Primary Usage of Words in Quran

The following is something I wrote in response to a claim that we must accept the literal meanings of words first, even though it can have other meanings:

I would like to also comment on the statement regarding looking for inner meanings and extensions to the understanding of words in the Quran, while ignoring the literal meanings. The statement is fine as long as we don’t make false assumptions in terms of which understanding commands the primary usage within the Quranic text and which understanding constitutes an extension of such primary usage. Let’s demonstrate this with an example.

It is commonly thought that the primary understanding of SJD and its derivatives in the Quran is physical prostration and that the understanding of acceptance of whatever is in context is an extension of that meaning.

Let’s examine the occurrences and see whether or not this is true. The following is a listing of SJD and its derivatives from Quran. They are divided into four categories.

1. Occurrences where prostration cannot be understood in the context:

2:34, 7:11, 15:30, 17:61, 18:50, 20:116, 38:73, 7:12, 13:15, 15:33, 16:49, 17:61, 22:18, 38:75, 41:37, 55:6, 2:34, 7:11, 17:61, 18:50, 20:116, 41:37, 2:58, 4:154, 7:11, 7:161, 12:4, 15:29, 15:31, 15:32, 16:48, 38:72.

2. Occurrences where prostration is a weak inference in the context:

3:43, 68:42, 68:43, 7:120, 12:100, 20:70, 26:46

3. Occurrences where prostration is a possible understanding in the context:

4:102, 3:113, 7:206, 25:60, 27:24, 27:25, 84:21, 22:77, 25:60, 53:62, 76:26, 96:19, 48:29, 50:40, 2:125, 9:112, 15:98, 17:107, 19:58, 22:26, 25:64, 26:219, 32:15, 39:9, 48:29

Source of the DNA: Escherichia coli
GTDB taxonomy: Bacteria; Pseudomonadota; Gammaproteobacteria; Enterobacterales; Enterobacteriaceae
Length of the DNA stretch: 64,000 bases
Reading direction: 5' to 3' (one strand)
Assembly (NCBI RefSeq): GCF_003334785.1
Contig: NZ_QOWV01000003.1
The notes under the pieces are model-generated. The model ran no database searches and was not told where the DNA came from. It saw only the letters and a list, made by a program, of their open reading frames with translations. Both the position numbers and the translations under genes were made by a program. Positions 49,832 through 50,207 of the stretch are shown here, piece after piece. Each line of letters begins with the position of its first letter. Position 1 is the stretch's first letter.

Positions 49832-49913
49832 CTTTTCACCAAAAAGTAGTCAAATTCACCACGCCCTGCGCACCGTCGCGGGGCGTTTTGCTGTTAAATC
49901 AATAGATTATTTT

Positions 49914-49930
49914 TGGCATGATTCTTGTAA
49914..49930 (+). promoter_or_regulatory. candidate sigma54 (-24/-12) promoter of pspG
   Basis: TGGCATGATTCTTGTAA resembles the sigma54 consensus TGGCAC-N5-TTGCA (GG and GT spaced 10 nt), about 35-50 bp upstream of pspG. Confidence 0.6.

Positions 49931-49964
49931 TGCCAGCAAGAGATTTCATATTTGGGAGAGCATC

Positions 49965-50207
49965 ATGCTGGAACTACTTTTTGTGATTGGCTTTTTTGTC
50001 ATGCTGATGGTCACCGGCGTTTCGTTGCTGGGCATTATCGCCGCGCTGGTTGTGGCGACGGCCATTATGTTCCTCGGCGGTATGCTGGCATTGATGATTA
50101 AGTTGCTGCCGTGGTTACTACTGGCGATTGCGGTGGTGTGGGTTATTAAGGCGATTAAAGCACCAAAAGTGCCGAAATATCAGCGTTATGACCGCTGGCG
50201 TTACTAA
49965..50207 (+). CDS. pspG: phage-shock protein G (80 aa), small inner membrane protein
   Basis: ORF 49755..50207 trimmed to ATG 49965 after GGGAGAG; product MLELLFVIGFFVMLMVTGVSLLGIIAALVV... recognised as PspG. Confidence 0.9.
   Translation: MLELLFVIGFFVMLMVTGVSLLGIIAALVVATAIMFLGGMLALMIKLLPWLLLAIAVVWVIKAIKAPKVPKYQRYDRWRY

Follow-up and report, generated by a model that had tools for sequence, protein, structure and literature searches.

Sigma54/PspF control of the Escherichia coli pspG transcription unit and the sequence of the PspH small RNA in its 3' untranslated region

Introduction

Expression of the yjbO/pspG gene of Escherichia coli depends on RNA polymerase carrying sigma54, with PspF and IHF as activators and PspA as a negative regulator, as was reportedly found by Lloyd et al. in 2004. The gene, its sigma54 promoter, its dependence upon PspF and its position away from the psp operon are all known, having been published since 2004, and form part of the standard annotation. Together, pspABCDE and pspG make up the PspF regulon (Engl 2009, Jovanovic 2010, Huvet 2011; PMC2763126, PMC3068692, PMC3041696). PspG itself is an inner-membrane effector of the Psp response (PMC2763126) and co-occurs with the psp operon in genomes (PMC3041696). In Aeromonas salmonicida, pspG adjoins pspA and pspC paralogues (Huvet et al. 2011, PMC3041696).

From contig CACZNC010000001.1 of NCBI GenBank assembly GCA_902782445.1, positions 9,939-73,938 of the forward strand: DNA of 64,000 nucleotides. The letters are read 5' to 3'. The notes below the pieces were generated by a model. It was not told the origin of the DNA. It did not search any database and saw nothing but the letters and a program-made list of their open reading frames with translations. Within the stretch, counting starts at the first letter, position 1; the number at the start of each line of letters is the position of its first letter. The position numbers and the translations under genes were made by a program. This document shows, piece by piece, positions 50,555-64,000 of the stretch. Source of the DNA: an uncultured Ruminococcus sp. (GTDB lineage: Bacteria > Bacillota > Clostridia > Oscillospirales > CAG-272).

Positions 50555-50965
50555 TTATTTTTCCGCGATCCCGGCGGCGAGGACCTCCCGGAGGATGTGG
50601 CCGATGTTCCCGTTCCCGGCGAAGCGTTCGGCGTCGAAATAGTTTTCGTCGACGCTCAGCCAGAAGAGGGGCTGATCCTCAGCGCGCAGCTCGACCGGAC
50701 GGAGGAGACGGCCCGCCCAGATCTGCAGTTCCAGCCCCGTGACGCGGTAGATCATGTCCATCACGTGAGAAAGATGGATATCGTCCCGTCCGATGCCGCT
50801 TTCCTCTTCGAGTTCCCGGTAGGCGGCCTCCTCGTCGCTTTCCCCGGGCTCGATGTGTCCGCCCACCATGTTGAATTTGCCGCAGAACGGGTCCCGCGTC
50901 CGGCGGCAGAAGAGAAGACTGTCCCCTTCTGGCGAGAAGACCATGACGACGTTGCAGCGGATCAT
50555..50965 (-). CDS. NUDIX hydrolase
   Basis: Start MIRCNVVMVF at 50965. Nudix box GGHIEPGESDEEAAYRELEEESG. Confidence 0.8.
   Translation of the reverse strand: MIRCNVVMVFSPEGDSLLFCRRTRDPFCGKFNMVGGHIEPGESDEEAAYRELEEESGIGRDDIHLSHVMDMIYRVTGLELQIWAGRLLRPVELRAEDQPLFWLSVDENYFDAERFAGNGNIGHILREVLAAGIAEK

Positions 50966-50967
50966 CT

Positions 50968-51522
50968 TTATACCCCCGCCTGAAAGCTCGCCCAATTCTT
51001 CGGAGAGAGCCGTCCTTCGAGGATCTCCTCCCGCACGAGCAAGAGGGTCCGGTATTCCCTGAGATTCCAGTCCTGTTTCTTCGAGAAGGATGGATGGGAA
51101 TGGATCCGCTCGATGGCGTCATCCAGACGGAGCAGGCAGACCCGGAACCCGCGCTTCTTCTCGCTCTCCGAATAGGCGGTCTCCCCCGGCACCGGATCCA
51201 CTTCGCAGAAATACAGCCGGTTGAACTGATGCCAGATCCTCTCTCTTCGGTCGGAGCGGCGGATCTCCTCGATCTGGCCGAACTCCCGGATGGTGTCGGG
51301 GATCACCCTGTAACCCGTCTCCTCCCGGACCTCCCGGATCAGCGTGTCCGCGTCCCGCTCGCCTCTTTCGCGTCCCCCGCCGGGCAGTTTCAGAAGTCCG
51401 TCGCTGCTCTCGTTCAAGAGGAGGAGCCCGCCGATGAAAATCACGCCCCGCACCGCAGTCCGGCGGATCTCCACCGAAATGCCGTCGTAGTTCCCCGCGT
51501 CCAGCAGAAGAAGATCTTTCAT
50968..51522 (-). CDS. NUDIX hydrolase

4. Occurrences of the root as masjid:

2:114, 2:144, 2:149, 2:150, 2:187, 2:191, 2:196, 2:217, 5:2, 7:29, 7:31, 8:34, 9:7, 9:17, 9:18, 9:19, 9:28, 9:107, 9:108, 17:1, 17:1, 17:7, 18:21, 22:25, 22:40, 48:25, 48:27, 72:18

The analysis was conservative on the side of the “physical prostration” understanding and many of the occurrences that appear in the third group are debatable as to which of the two understandings to take.

There are 64 occurrences of the root excluding its use as masjid, which is excluded because whatever one takes the root to mean, in the case of masjid, it will be the place, time or state of the performance of the root verb. The 28 occurrences of masjid can therefore be seen in both contexts.

Half of the remaining occurrences (32/64) are clearly not referring to a physical prostration.

When one considers the occurrences where it is unlikely that it refers to a physical prostration, we find that a further 7 occurrences (39/64) will not support physical prostration.

25 occurrences can have a possibility of meaning prostration.

It must also be noted that when one reverses the analysis, understanding SJD and its derivatives as an acceptance of whatever appears in the various contexts; such an understanding fits all occurrences.

Since both meanings finds credence in the lexicons, we must consider both. However, in such a situation, considering the physical prostration as the primary meaning does not hold water as it is clear that within the Quranic context, the understanding of acceptance fits everywhere, whereas the understanding of physical prostration is limited to half the occurrences at best. Therefore the assumption that the primary meaning of SJD in the Quran is physical prostration is fallacious.

So like I stated in the beginning, there is no problem as long as our initial assumption of what constitutes primary usage in Quran is accurate.

It would be great to get some input on what you all think of this.


2 Responses to Primary Usage of Words in Quran

  1. I was reading that yesterday. Had it saved on my laptop. 🙂

  2. To me, the primary meaning is the occurences which yields an irrefutable meaning. For SJD, its 17/107-109 which shows the overwhelming effects of God’s signs.

Leave a Reply

Fill in your details below or click an icon to log in: Logo

You are commenting using your account. Log Out / Change )

Twitter picture

You are commenting using your Twitter account. Log Out / Change )

Facebook photo

You are commenting using your Facebook account. Log Out / Change )

Google+ photo

You are commenting using your Google+ account. Log Out / Change )

Connecting to %s

%d bloggers like this: